On Monday, relative newcomer TagWorld launched its own music ambitions with the support of a core group of popular indie rock groups, including The Shins and Death Cab For Cutie. Like MySpace, it's offering a home for bands to post songs and connect directly to fans, but TagWorld is hoping that its design attracts viewers more specifically interested in exploring and listening to music.
"We don't think MySpace is the finish line," TagWorld founder Evan Rifkin said. "We think that's just the beginning of ."
It might seem a little late in the game to be taking on MySpace in territory to which it's established an unparalleled claim. The social-networking giant is one of the few brands online, Google and Flickr being two others, whose name has become virtually synonymous with its function.
But even MySpace itself stole the social-networking crown from the, to become a service viewed as an indispensable stop for record labels seeking to promote a new band.
Indeed, the mix of community and music is proving to be an extraordinarily fruitful one, as the Web moves through its second boom era.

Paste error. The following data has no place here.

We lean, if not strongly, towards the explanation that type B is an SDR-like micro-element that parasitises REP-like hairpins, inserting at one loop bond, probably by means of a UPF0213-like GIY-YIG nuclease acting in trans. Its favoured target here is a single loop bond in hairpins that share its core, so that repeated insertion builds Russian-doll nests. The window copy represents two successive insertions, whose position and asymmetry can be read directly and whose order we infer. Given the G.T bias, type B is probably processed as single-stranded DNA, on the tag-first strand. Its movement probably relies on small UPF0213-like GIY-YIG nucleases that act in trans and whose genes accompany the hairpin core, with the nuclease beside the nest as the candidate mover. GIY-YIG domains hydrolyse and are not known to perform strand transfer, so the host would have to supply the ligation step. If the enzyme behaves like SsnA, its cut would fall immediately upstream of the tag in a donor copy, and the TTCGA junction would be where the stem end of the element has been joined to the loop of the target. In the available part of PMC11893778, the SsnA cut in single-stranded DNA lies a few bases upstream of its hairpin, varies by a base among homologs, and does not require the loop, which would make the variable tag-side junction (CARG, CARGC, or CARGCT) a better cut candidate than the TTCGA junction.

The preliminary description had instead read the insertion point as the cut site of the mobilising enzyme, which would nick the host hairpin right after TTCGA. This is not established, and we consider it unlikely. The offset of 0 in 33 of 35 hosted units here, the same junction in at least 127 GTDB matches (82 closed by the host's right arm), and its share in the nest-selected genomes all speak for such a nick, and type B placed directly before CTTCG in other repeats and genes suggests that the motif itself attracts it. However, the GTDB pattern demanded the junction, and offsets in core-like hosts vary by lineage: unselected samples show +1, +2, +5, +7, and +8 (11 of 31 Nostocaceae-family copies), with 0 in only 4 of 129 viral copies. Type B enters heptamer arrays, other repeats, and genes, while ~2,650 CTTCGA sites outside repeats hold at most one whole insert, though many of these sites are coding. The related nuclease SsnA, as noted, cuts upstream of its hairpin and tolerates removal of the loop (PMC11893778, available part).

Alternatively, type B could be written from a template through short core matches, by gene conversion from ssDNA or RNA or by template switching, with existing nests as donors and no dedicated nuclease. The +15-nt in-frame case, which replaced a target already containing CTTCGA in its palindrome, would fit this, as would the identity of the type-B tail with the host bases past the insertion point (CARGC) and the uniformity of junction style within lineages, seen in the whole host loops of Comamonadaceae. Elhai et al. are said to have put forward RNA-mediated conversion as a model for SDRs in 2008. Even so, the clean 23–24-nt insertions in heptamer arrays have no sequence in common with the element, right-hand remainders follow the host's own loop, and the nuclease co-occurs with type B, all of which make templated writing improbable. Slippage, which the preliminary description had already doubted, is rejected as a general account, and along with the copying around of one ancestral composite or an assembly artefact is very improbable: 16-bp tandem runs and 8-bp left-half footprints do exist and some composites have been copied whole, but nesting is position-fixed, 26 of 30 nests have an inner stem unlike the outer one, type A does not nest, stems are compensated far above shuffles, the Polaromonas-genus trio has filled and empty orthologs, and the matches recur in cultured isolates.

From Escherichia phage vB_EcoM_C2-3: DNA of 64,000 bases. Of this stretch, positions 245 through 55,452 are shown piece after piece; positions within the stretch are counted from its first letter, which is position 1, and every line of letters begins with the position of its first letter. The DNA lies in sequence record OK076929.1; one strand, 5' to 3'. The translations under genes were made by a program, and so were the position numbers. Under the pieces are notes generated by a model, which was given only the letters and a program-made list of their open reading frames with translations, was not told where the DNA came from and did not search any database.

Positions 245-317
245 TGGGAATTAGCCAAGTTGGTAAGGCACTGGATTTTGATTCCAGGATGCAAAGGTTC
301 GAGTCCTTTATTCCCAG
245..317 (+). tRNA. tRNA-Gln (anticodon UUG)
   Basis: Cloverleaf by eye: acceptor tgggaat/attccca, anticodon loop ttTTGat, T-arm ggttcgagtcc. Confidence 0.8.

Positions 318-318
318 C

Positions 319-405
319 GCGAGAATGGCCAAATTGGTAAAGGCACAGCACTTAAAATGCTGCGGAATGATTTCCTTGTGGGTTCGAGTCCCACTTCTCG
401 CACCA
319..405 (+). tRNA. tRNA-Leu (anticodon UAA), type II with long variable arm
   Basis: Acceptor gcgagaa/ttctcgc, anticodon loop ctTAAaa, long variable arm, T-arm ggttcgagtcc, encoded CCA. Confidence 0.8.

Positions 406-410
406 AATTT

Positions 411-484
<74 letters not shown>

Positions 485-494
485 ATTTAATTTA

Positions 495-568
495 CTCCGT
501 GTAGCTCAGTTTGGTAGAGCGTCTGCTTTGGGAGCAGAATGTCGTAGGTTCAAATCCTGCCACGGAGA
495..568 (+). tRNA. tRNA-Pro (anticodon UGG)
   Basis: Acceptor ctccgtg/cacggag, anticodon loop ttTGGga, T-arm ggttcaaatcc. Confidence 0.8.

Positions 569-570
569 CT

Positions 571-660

Friendster itself struck a deal with peer-to-peer multimedia-sharing service Grouper Networks several months ago, aiming to . Music subscription services such as Napster, Yahoo and RealNetworks' Rhapsody all tout community and song-sharing features as a selling point.
TagWorld itself feels much like an amped-up MySpace, with a simple drag-and-drop page design interface aimed at the most tech-phobic users. Its music site lets bands post as many songs as they want on their home pages. It also lets listeners create playlists for themselves by selecting songs from different bands' pages.
For now, the new site has launched its services with a few marquee bands, and that might be enough to generate interest from others. For what it's worth, though, most of the bands launching on TagWorld on Monday still have their MySpace pages open for business.